Galesburg Register-Mail from Galesburg, Illinois on June 30, 1973 · Page 4
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Galesburg Register-Mail from Galesburg, Illinois · Page 4

Galesburg, Illinois
Issue Date:
Saturday, June 30, 1973
Page 4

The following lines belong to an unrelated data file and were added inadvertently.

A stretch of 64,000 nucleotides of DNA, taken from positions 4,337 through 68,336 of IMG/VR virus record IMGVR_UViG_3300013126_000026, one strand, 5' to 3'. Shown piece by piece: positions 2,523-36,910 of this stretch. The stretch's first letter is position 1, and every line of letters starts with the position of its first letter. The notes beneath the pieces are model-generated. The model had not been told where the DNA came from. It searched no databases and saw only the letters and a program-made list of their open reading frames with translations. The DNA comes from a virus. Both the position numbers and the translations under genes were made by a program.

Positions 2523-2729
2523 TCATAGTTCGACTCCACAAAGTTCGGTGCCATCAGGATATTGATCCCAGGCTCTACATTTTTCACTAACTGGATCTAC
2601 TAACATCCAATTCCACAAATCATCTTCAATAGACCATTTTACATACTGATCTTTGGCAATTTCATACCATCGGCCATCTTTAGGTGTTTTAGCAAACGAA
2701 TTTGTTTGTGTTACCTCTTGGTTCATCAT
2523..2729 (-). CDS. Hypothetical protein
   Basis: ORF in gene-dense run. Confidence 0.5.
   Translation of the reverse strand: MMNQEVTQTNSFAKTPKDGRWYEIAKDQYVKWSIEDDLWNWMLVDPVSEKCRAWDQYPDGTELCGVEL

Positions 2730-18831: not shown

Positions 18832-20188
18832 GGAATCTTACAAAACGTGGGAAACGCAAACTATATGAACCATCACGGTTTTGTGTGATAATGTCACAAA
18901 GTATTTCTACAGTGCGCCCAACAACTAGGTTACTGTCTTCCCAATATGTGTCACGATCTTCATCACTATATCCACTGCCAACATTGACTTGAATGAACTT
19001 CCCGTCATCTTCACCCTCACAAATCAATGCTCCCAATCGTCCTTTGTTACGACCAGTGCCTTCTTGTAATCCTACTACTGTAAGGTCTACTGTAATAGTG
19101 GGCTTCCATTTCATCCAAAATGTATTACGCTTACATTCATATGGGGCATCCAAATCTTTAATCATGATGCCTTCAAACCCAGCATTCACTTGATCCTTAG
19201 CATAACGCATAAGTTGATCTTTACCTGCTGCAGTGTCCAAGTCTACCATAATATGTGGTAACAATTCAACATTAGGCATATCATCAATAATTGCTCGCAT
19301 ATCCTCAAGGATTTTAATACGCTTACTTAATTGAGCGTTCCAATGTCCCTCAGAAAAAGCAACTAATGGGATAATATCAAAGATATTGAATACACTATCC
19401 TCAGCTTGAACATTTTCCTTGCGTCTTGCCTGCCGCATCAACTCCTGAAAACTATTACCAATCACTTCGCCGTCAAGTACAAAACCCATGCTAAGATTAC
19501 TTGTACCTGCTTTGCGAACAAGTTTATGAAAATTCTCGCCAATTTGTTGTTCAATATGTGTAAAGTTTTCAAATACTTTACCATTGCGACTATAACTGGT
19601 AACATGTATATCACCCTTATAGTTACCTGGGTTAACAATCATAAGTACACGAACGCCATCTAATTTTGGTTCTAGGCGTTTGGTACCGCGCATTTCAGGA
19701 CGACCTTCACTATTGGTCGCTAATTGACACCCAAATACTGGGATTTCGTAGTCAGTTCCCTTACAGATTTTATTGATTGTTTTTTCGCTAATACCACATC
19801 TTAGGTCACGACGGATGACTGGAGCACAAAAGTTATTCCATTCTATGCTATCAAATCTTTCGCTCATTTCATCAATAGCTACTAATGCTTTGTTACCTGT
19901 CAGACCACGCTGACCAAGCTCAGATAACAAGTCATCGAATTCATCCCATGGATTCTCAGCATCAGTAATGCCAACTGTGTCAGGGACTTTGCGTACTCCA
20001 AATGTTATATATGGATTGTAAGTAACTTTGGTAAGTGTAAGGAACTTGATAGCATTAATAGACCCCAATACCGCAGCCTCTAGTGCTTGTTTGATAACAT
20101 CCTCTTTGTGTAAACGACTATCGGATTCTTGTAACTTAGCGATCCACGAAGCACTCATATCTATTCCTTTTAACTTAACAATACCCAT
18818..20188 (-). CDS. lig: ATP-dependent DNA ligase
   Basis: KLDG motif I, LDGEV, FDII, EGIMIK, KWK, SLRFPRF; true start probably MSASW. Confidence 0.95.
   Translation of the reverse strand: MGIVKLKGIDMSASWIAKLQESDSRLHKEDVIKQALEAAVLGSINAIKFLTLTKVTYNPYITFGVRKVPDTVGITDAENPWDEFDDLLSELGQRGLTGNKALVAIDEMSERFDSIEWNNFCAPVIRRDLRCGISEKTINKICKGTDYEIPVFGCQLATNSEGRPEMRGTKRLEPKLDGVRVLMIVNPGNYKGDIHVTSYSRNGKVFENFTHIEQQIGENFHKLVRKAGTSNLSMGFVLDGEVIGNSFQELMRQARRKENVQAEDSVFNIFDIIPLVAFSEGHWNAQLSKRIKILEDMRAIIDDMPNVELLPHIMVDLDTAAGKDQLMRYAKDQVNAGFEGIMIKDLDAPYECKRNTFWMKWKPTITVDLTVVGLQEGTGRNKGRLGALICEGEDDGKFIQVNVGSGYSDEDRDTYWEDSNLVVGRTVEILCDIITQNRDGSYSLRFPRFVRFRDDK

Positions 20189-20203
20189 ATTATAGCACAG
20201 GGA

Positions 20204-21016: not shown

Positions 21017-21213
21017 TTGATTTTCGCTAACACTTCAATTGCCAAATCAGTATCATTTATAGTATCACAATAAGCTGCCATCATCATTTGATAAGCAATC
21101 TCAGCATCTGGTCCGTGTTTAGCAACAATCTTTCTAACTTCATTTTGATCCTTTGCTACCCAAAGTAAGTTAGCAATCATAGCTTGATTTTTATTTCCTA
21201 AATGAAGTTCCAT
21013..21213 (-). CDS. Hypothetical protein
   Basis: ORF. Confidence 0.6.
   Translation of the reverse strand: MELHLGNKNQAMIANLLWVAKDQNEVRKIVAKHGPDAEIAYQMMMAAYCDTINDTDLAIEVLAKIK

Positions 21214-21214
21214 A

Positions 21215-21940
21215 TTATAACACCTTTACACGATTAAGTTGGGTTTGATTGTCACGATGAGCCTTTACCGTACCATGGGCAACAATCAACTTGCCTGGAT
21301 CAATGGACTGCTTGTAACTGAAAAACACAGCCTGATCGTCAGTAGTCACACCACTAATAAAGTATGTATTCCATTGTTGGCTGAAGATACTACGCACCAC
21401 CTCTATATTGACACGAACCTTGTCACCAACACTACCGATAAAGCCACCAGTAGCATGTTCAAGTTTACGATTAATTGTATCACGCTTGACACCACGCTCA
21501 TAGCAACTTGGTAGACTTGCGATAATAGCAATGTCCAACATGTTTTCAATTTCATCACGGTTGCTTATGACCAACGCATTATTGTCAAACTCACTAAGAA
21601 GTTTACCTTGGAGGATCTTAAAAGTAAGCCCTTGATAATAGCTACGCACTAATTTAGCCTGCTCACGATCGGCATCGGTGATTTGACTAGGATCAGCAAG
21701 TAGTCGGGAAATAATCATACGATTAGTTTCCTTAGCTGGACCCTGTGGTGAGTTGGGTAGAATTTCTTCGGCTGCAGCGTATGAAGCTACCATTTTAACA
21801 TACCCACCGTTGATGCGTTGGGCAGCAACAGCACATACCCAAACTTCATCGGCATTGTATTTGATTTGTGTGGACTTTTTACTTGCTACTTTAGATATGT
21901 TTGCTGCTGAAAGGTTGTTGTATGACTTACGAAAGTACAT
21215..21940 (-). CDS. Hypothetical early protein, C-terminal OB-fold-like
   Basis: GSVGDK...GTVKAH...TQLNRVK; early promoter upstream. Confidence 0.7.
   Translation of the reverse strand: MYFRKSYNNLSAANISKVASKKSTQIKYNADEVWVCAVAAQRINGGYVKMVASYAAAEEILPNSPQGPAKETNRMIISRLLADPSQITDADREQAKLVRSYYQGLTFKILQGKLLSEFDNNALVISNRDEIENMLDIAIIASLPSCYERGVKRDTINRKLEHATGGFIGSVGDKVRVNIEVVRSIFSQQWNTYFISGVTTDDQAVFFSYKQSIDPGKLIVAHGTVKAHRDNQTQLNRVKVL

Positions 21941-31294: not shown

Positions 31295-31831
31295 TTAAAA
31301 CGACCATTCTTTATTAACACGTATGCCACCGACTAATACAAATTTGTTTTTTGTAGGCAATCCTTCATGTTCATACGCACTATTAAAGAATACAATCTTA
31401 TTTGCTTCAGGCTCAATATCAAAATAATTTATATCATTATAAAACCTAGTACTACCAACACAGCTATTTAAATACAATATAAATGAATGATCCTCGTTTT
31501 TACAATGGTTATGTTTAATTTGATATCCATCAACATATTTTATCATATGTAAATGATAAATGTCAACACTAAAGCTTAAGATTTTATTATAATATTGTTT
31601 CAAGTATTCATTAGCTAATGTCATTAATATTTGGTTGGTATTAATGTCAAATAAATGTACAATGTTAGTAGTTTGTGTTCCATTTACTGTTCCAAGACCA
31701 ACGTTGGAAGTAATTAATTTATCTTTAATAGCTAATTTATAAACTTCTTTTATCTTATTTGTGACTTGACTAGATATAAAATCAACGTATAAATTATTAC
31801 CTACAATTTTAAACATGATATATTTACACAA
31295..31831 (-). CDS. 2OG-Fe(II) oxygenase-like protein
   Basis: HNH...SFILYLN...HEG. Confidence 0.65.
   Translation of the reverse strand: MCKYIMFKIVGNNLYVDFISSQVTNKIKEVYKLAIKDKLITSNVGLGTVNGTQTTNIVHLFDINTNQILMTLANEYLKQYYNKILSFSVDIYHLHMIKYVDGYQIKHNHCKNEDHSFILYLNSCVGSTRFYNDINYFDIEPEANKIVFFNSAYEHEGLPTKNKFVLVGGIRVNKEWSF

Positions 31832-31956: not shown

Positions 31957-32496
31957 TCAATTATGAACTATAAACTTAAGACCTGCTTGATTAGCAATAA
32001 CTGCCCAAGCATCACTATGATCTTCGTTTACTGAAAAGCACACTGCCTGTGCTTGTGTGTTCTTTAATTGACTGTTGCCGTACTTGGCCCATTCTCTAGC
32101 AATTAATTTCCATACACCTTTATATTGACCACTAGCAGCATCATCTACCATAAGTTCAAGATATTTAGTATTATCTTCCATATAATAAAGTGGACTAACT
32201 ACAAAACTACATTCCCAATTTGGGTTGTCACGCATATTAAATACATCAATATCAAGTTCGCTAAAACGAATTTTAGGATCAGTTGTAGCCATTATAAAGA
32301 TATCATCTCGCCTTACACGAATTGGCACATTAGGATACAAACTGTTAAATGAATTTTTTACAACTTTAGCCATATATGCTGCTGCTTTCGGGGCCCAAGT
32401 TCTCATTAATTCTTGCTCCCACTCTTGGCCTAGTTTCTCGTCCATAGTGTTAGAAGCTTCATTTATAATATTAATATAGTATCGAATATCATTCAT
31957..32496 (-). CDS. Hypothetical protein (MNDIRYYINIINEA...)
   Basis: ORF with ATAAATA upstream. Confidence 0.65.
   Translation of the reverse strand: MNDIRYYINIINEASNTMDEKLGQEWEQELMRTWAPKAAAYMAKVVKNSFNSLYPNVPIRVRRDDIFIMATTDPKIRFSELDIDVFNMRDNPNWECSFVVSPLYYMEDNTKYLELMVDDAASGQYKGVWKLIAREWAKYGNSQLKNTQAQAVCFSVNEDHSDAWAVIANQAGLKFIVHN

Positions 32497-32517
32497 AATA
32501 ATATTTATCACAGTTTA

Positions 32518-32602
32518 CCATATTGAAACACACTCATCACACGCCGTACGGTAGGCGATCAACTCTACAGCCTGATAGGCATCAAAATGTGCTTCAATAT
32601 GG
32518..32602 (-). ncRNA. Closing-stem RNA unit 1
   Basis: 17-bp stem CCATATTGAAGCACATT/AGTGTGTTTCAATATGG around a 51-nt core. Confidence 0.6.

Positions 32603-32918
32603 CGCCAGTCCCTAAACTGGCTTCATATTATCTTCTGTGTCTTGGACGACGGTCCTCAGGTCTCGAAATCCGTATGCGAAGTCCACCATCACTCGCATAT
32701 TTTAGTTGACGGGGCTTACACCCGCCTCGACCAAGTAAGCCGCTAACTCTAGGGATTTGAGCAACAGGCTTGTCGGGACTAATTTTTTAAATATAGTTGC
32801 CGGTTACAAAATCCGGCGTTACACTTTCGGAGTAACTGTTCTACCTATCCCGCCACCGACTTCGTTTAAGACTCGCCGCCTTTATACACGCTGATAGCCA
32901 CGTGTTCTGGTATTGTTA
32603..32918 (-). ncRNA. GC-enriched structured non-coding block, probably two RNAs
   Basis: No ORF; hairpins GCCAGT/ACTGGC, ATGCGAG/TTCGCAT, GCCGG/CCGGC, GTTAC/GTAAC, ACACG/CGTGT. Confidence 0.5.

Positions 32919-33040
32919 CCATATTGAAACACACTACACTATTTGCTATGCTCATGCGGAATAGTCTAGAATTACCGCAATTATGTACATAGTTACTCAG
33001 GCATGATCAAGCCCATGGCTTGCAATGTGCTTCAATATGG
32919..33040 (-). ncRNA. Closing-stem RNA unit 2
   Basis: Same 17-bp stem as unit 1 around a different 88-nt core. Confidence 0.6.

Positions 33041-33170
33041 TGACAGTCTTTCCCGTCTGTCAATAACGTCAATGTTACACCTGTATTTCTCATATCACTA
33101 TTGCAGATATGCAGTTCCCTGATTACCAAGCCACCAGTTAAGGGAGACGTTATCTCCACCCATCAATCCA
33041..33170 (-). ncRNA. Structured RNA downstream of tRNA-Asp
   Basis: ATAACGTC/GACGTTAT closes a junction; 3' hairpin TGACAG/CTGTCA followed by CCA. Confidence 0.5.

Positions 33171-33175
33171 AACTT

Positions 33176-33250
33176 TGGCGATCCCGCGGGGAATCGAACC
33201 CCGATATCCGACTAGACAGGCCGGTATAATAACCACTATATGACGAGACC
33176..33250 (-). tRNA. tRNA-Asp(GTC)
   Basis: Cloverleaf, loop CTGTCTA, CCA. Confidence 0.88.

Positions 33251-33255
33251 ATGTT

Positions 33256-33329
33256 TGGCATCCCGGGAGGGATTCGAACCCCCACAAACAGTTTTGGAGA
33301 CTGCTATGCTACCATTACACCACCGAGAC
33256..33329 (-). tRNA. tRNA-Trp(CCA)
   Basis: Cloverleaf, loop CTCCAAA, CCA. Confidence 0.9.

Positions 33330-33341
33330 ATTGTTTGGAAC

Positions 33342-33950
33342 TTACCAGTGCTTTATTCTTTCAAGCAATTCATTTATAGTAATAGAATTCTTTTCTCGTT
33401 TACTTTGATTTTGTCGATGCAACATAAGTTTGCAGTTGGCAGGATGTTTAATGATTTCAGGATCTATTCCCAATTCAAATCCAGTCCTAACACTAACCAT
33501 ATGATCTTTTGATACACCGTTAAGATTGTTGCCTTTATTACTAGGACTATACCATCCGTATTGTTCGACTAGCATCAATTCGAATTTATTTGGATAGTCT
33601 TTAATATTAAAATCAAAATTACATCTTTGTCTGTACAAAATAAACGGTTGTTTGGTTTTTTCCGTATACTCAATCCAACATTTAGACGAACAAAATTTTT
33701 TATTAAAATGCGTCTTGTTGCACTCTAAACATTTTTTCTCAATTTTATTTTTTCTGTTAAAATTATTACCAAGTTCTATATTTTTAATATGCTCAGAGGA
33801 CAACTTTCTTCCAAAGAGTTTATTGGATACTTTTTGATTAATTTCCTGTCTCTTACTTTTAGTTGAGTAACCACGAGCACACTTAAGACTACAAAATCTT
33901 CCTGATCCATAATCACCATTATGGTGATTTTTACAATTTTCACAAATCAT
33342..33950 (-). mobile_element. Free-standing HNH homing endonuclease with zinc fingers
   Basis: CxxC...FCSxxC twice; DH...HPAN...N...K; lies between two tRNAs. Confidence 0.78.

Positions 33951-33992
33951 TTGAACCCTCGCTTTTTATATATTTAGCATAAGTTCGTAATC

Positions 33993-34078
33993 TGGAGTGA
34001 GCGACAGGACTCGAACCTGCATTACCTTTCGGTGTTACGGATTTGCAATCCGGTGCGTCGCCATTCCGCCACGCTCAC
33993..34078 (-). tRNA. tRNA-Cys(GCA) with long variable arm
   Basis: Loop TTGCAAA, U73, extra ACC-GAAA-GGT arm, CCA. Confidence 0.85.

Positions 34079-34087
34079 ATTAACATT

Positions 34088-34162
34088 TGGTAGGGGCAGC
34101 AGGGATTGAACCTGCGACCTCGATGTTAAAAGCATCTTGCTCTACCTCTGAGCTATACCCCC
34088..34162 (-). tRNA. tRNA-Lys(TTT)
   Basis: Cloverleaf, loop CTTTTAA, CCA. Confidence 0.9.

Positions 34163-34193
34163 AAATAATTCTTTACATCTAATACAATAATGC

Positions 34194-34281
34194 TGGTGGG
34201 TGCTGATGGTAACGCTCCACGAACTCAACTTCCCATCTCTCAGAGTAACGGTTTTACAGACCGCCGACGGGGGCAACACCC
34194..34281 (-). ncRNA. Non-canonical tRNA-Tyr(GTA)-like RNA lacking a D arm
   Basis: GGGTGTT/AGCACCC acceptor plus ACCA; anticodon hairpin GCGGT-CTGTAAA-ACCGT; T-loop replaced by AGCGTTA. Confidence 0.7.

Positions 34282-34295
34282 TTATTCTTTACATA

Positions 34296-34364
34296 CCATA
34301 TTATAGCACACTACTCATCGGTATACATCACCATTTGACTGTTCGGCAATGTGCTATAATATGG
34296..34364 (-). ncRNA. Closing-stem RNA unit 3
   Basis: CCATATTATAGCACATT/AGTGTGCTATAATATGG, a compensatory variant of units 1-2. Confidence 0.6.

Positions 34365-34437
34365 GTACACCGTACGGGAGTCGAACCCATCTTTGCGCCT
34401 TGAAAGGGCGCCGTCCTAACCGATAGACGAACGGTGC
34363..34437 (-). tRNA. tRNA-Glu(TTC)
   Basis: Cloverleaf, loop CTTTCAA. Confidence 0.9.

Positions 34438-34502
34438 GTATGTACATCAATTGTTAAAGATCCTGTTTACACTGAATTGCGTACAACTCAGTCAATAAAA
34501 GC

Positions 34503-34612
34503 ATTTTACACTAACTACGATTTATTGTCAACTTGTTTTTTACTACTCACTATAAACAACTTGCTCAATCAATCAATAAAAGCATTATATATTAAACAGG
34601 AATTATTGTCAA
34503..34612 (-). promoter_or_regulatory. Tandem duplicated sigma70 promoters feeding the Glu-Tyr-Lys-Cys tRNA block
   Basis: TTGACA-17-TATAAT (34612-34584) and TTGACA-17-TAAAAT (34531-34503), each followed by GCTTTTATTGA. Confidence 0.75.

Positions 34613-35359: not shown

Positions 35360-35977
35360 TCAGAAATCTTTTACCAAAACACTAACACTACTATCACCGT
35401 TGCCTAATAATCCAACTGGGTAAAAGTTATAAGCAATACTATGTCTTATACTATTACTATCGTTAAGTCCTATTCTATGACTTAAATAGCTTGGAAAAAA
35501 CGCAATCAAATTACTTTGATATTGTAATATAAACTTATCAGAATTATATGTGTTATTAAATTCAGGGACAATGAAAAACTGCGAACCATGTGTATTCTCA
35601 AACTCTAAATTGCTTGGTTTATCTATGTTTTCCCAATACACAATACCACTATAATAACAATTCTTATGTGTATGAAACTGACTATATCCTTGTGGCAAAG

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lesbur Sat., June 30, 1973 * "That Thing's Running About Five Months Slow! it ''-ft + ... -- EDITORIAL Comment and Review Pornography Problem 3 \ . - * If prostitution is the world's oldest profession, pornography must be the world's oldest literary and art form. Every society -with a complexity beyond the primitive hunting Jevel has had to deal with either or both, and history records varying degrees of success or lack of it. Approaches have run the gamut from complete acceptance to mere toleration to outright suppression. That both problems; are still with us says much about human nature. Now once again, after 15 years, the United States Supreme Court has laid down rulss to govern, cr attempt to govern, mography. We seemed, by virtue of previous decisions of the court, to have been moving toward §ome sort of grudging accommodation with a phenomenon that simply will not go away. According to some critics, this latest attempt to formulate guidelines represents a step backward (depending upon how one defines retrogression or ; progress }n this matter). M 4 m Certain, it k that the court's decision will not bo the last word on pornography. The fact that it was such a close decision — five justices to four virtually guarantees this. By returning to local communities the fight to handle the problem as they see fit, the court may only have prepared the way for another series of lagal, challenges such as we witnessed during the days of the "Warren Court." In writing the majority opinion, Chief Justice Burger stated that "to equate the free and robust exchange of ideas and political debate with commercial exploitation of obscene material demeans the grand conception of the First Amendment and its r high purpose in the historic struggle for freedom." But it has also been demeaning to the high court, not to mention innumerable lower courts, that over the years they have had to devote so much of their valuable time to poring over material of more or less shoddiness to determine if the rest of the population may see or read it, or to find in it some shred of "redeeming social value' 1 (another Warren Court dictum that has now gone by the boards). It will be no less demeaning to state legislatures that they will how be empowered to spell out in explicit language the kinds of sexual expression which may be prohibited according to guidelines by Chief Justice Burger, guidelines which themselves make for rather spicy reading. Whatever one's personal attitude toward pornography may be, it is almost ridiculous that so much time, so much energy and so much judicial thought has been and no doubt will continue to be expanded on a matter that is really one of the lesser problems facing American society. While "everyone knows pornography when he sees it," a long list of books, films and other works now accepted but once suppressed is proof that a lot of people see it where others don't. This isn't going to change. Pop Music's Watergate ft « 1 1 I A "We don't want a Watergate in the music business," says David Clayton-Thornas, former lead singer for Blood, Sweat and Tears. But the popular record industry has been rocked by a widening scandal involving payola, drugs, sex, booze and organized crime. One high industry executive, Cllve J, Davis, was fired as president of Columbia Records for allegedly misusing corporate funds and another, Larry Wynshaw, was bounced on charges of falsifying invoices. A federal grand jury and a federal anti-crime strike force are investigating the whole recording business and one official, has said: "We believe that almost every major record company is involved." The scandal does share one common element with Watergate: enormous amounts of cash which gave rise to temptation and were difficult to trace when misused. Popular music has become a multi-billion-dollar industry, with record and tape sales topping $2 billon last year to surpass movies ($1.3 billion), network television (?1 billion), professional sports ($540 million) and Broadway ($36 million) in revenues. Fortes magazine reported (April 15, 1973) that at least 50 rock, pop and country music superstars now are earning between $2 million and $6 million a year, making the salary of ITT's Harold Geneen, America's highest-paid business executive, look like so much chicken feed. "It had to happen," one record executive said of the scandal. "The industry is just too big, there's too much money around, and there are too many people who got too greedy." In the late 1950s, another payola scan* dal shook the industry. It was revealed that record company promotion men used money, liquor and free vacations to per* suade radio disc jockeys to play and praise certain records. The Federal Trade Commission in I960 said that 255 disc jockeys and other station personnel were involved, and issued more than 150 complaints and cease-and-desist orders. Congress that year approved several amendments to the Federal Communications Act of 1934 requiring disclosure of any payola by the recipient. The same bill outlawed the rigging of • television quiz shows. Before the latest payola scandal is over, the 1934 Act may have to go back to the drawing boards to be amended once again. One major activity <rf Elliot Richardson, the new Attorney Genera!, and Melvin Laird, President Nixon's adviser on domestic affairs, will never make the headlines, Yet it perhaps will be the most important single contribution thes« dissimilar men make to government over the next few yea-ffl. When Rlohardson lets his hair down, Insofar as this careful, precise man can, he says his objective in government is to bring more of the people working for him into the planning of what his agency does (a feed-in frcm the bottom up) and to heJip them work with an understand* ing of how their decisions and their actions affect the whole of the department (and the government)* Laird is known to hold the same vieiw. Sui •:ti rfictolly, all this does not sound very dramatic. But in watching Washington these past 30 years this reporter is convinced that the great and most serious longtime problem of the federal government is that planning, more often than mot, comes from the top down - awl the middle and bottom m fy< subWnatos with Jong yma ot experience in the job, as contrasted with <he iftfttw, out* tomorrow tenure of th* top 3,000 men In govwunont, are .too often asked only to devise ways to Implement plans already decided on. This system fails to take advantage of the vast experience and considerable ability of many of the career men in government. (And there are sizable numbers of very able men and women — along with a quota of dunderheads.) This practice also creates a tremendous morale problem, Capable men whose ideas are ignored with regularity gradually give up trying, they do their work but not with enthusiasm. They mark time. They resist change. AIM), thus important sections of the vast federal bureaucracy inch along with great ^efficiency, which belies what excellence is present in its membership. Mow tfHw is m doubt tot wbnMMIdA voted m mm tow the right and duty m co operation with Ctoigww) to make the deoidofft after the various plana mi pjpojafai + Meanwhile bureaucrats build empires. Those devoted to one poHtloal philosophy or another with unfortunate frequency actively sabotage programs of su* periorg and administrations with which they disagree. All this results In an enormous waste of talent, a subversion of plans and incredible are thoroughly waned. To have u otherwise would defeat the will of the voters. But all too often a new administration, whether Democratic or Eepbtoro. wUl dome into office so suspJoittus of the bureaucracy that a war then begins between the President's appointees and the career civil servants, a comflot which only ends when a neiw administration comes In—at which Urn* a new battle begins, This intermittent batting baa resulted in vast mismanagement over the yeara of multi* bllUan-doliar programs in welfare, health, ediwation, defense, veterans aid, foreign assistance and trade, And sometimes even a needless breakdown or deterioration ' m our relaWonshli with other nations, Crusty Critic Likes Character Everyone who regards me as a, crusty, curmudgeonly critic of everything new which crops up in American education had better rear back and settle down. When a new wrinkle syi> faces and makes sense, I'm far it, and I don't have to go any farther than Indianapolis to prove it. Before me is a letter from the Booster city's school superintendent, Karl Kalp, addressed to the parents of the community. It announces a 1973 program called "Character Education*' r 1 By in kindergarten mi ending in the 12»th grade, asnd specifically designed to improve pupil behavior. Quoting directly from Dr. Kalp's letter, here are the program's 12 points: <( 1—The development of gpe, cific instructional programs in each subject ar$a and grade level for the promotion of good Qitizenship, school spirit,* Joyal^ ty, respect for authority and proper behavior. "2—The installation of a specific program in character education in grades kindergarten through six. The examination and es^ tablishmeflt of programs for the teaching of values and good citizenship in grades seven through 12. "4—In-service programs far teachers 'through the closed- circuit TV system, new^ettetrs •and meetings which identify the skills of classroom maijiagement and improve the effectiveness of al i J teachers in this area. "5—The identification of in­ spiring community leaders who can partiaipate in group guidance and individual counseling programs for pupils. ^1 mi"6—The development of indi- vidwal building-planning, committees which will identify the specific problems of pupil behavior in each school. The school community will be asked to cooperate and support pro^ grams as they are set up. The cJarificatiw and vigorous support of school rules and regulations with the constant support of teachers who are enfcwr&ng those rules and relations, "Ih-The improvement of the hearing system for eases - of suspw^a-ns and expulsions, "MThe implementation of a pilot truancy reduction program if funding is obtained from "com* © 1973 b, NEA, I »EWH 4 WHAT DO YOU JAJAft 'KUNQ WT Qalesburg Ksgisfer-Mail Of/Ice 140 South Pralrl* Street GalMburg, UJlnpu, *UU1 TELEPHONE NUMUEft Roglster-Matl Exchange 343-7191 •UP8CJUFT1QN RATU By Carritr jn City of Qtftibur* Sntfred at Stconct Clau MaiUr at the Post Office at Quhthmg, Illinois, under Act ot Congrou ot March 3, 1879. Daily except Sunrtaya and Holidays other than Washington'* Birthday, Columbus Day and Vetarane Day, Ethel Custer Pritchard, publisher: Charles Morrow, editor and general manager; Hubert Harrison, managing editor; Michael Johnson, as- bistant to the editor; James O Connor, assistant managing editor. National Advertising Representatives; Ward Gril/ith Co., Ino., New York, Chicago. Detroit. Los Angele*, San Francisco, Atlanta. Minneapolis. Pittsburgh, Boston, Charlotte Py KFP mall In our retail trading zone: 1 Year §16.00 3 Months $5 25 6 Months I 9.00 1 Month |2.0U No mail subscriptions accepted In towns where there is csUhHsheo newspaper boy delivery service. 3y Carrier in retail trading lone outside City of Galesburf 9Go a Week * By mail outside retail trading tone In Illinois, Iowa and Missouri and by motor route in retail trading zone: 1 Year 122.00 3 Months 6 Months |12.00 1 Month $8 00 MEMJ 1?' M By mail outside Illinois, low* and Missouri: 1 Year £20.00 3 Month* |7.&Q e Months $14 50 I Month $3 .00 munity agencies. <( 10-A program of identifying influential community agencies and working with them In improving pupil behavior, M 11—Planning programs with specific staff members whkft will explore problems <rf group- guidance techniques, mcKtifylng claasrow befhavior, value clart fioatjon and ethnic sensitivities, "12—The planning and imple^ mentation . of the alternative school proposal for which fund" nised from the Re^ gion 5 Federal Criminal Justice Pianming Agency," Number iz is the real kicker.' The "alterative school- 1 will be for students who are "aggressive and hostile or who in other disrupt classroom display tendencies the normal or read Pr, Kalp and his school board have finally had it up to their eyebrows with the sullen, sneering slobs who are increasingly infesting our high schools \ and making teachers* lives a perfect hell. Their proposal, quite bluntly, will set up a reform school for •bullies, vandais, revolution^ ists and dope pushers, quaw^ n vkm they can't terrorise (he decent kids any mare, J salute Indiwapolis, saying in one breath, "Right on!" and '•It's about time!" But if this thing can be car* ried out properly, it will mean a lot moire than just a quarantine. There will be 'an organ­ ised, systematic effort made to teach positive qualities of ethics, morality and respect for law and order, starting with little ^yeaftolds and continuing unremittingly right up to gradua* fen day. Some of us developed a simi* lar program in California during the Sixties. The handbook on "Moral and Ethical Values in F California Schools' 1 was and remains a milestone in its fieM. The problem • has always been to persuade enough;, s^ool boards and supefrinfedente to decide to us9 it. I hereby 6ffer it [free of charge to the embafc tied Indianapolis school people if they want it; although, come to think of it, they seem well ahle t(> develop their <own stand' Th^-nioest part of this whole affair is -that, if it wks, the "alternative school" can be phased out dtyottt 1.980. It just won 't be needed my more. How about it, you school board members in -the other 49 states? Anyone else for character educa-tiw? Almanac Today is Saturday, June 30, the 181st day of 1973 with 184 to follow. The moon is new. The. mwning stars m Mars, Jupiter and Saturn. The evening stars are Mercury and Venus. Thof§ barn on this date an accredited law Union College of kaw in Chicago. ed from sdhool— In American trqqps are wnder the sign of Camper, American wtor Walter Hampden was horn June 30, 1879. pn thte day in history: In 1870, Ada JCeple became the first woman to be graduat­ ion, were transferred from Japan to South Korea to assist in the war against l^orth Korean Communist invaders. In 1971, the U.S. Supreme Court upheld the right of newspapers to publish the Pentagon secret papers on Vietnam. Also on thai day, three Soviet astronaut? were fqund dead in their space capsule upon its return to earth. Crossword Puzzle Amwsri to Pwipui Pu»h AUDIT BUREAU OF CIRCULATION ACROSS 15oar 8 Stinging 12 Mosl?m title of respect 13 Portrait statue 14 N &uUvftl term 16 Impressive 1$ More serious ?X) Concjuces 31 Girl's nam© ii At a distance ?4.Anglo-SftXOn * theov/ 26 glatt«m 30 American physioirt 32 Legiilfttive body 34 Click-beetle 35 Redactor 80 Certain nil- way* (poll) 37 Pisencumbers 39 Occasion 40 Without (Latin) 41 Oriental coin 43 Onaf ftt 45 Put ntw bread onatirt 49 Modirati 51 Attempt 52 Exudi* 53 Ireland 54 Cravat 55 Is seated 56 Winter vthicb 57 Editors (lb.) DOWN 1 Amateur ftctors 2 Curved molding 3 FJowefs 4 Lariat 5 Land measure 6 Animal enclosure 7 Msrlner'g direqtlpn 8 —— buffalo 0 Icelandic measure 11 Pretexts 17 Reported 19 Turn aside 29 DIHOIVQS 84 Poncing pword 25 Vend 26 Canarylike wr.iw awn aHiJiS wr.iw awn finch 41 27 Frilled pigeon 42 Z9 Particle 29 Father <Fr.) 43 31 Color 44 33 Chemical 46 substance 47 98 Throw oil 48 the rails 40 Social unita 50 Spirited horsi Philippine sweataop Half (prefix) Stain (dial.) French verb Dry Coloring substances Legal point (NlWJPAPfR INTIRPglSI A55N-) I